When the third baby was found in the u-bend of Grace Hamilton’s toilet, a widower who had lost her only son in the Gulf war, Merryboom had become a hotspot for the infertile and singletons.  No one really questioned the science part, or that an actual baby could grow within such an inhospitable and filthy environment.  No one actually thought about the “hows.”  All the women with twisted pipes and faulty ovaries, all the men who had suffered testicular cancer or had lazy sperm, all the same-sex civil married couples who didn’t want to incur the costly fertility treatment, all of them were bothered about only one thing… the “where.” 

The neighbourhood swarmed everyday with different faces and television crews.  It was Lourdes for the barren and sterile.  You’d awake to find holes in the road, manholes missing, and great fountains of dirty brown sewage water streaming across your garden.  The local council tried their best to cap and fix the damaged pipes, but there was too much destruction happening on a daily basis.  Fearing that the bilge water might bring about a dysentery epidemic, the local children were told to remain inside.  Sandbags were placed at every door.  They supplied us with the full-body white plastic overalls used by forensic officers, which made us all feel like we were mocking the seedless throngs of male visitors for their deficiency because we all looked like sperm.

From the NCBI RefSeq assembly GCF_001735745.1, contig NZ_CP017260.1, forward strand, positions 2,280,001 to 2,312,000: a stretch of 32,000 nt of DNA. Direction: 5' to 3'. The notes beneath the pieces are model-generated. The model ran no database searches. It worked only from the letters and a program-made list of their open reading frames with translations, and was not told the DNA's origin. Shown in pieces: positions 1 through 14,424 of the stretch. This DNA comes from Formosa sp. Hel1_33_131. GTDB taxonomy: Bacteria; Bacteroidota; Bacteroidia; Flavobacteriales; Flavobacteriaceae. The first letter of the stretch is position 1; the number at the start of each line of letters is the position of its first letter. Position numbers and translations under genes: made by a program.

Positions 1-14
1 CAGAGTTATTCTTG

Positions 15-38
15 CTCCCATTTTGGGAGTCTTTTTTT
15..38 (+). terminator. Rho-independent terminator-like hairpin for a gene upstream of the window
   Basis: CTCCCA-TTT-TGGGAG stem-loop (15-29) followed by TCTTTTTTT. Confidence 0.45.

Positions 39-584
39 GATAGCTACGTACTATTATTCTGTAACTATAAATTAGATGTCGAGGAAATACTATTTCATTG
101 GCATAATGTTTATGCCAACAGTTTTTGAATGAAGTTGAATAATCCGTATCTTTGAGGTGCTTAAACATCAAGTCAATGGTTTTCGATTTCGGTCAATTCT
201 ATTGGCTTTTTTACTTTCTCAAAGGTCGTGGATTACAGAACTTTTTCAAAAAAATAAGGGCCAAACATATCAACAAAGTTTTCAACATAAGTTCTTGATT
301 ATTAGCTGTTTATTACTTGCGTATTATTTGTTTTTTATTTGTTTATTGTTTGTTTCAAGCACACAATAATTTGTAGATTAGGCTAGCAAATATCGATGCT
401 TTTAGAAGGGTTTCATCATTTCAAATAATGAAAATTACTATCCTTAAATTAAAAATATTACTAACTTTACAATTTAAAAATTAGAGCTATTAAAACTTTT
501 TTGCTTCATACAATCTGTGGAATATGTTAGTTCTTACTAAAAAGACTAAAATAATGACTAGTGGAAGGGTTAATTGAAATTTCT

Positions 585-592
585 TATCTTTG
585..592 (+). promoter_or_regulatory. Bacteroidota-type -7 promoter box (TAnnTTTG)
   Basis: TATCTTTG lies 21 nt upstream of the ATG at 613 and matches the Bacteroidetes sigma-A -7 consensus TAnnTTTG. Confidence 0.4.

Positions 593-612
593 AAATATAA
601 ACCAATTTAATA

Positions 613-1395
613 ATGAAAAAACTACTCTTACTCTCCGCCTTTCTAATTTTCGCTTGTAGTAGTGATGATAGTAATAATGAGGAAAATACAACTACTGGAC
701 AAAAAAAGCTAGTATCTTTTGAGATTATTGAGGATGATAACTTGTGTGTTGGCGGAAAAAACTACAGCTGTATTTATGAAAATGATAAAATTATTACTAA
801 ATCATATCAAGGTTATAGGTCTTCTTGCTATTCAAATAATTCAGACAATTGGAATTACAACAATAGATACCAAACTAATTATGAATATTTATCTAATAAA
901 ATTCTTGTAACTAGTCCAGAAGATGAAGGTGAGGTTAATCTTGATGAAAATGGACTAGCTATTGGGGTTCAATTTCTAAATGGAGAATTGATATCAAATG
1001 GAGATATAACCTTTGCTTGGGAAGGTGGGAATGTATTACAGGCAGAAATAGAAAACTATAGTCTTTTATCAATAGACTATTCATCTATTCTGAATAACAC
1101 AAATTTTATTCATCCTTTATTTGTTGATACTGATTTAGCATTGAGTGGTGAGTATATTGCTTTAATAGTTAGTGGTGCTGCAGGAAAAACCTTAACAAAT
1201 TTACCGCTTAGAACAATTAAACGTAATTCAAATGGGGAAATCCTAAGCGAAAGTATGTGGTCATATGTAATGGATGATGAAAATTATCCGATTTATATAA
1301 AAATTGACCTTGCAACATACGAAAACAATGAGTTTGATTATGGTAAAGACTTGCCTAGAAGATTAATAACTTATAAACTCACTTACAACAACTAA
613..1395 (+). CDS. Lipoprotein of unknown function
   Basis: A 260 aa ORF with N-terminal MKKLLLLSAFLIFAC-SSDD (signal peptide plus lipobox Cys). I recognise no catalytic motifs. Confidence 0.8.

Had I not found such ugliness in Libby’s beauty, the town of Merryboom would have remained the tedium of suburban life.  There would have never been construction trucks laden with soil and concrete piping entering and exiting on an hourly basis.  The diesel engines would have never pumped out bluish smoke into the skies and dominated the birdsong.  The local teashops and coffee houses, Bill’s Ironmongers, the twee little gift shop run by Mary Parkinson, Red’s Barbers, the many ale-houses with their traditional fare, they would have never lost trade.  The town would have never been relabelled, “Babyboom.” 

Libby was oblivious to the fact she had brought about Merryboom’s success and demise.  Stretch marks and cracked nipples are the symbols of imprudence.  A screaming child anchors a person.  This is what she would say in exchange for my requests to begin a family.  Even if she had wanted to settle down, it would have never been with me.  I had flaws.  The vices of my past, the drinking, the womanising, the drug abuse, they were not her concerns.  For Libby, she feared the child would inherit my sloping brow, Roman nose, calcified nails, and potbelly.  I was an okay fuck with a decent eye, but as for my gene pool, it was as murky as the waters that collected at our front doors.  Had she not been so insensitive, then I might have not gone to the lengths I did to prove her wrong.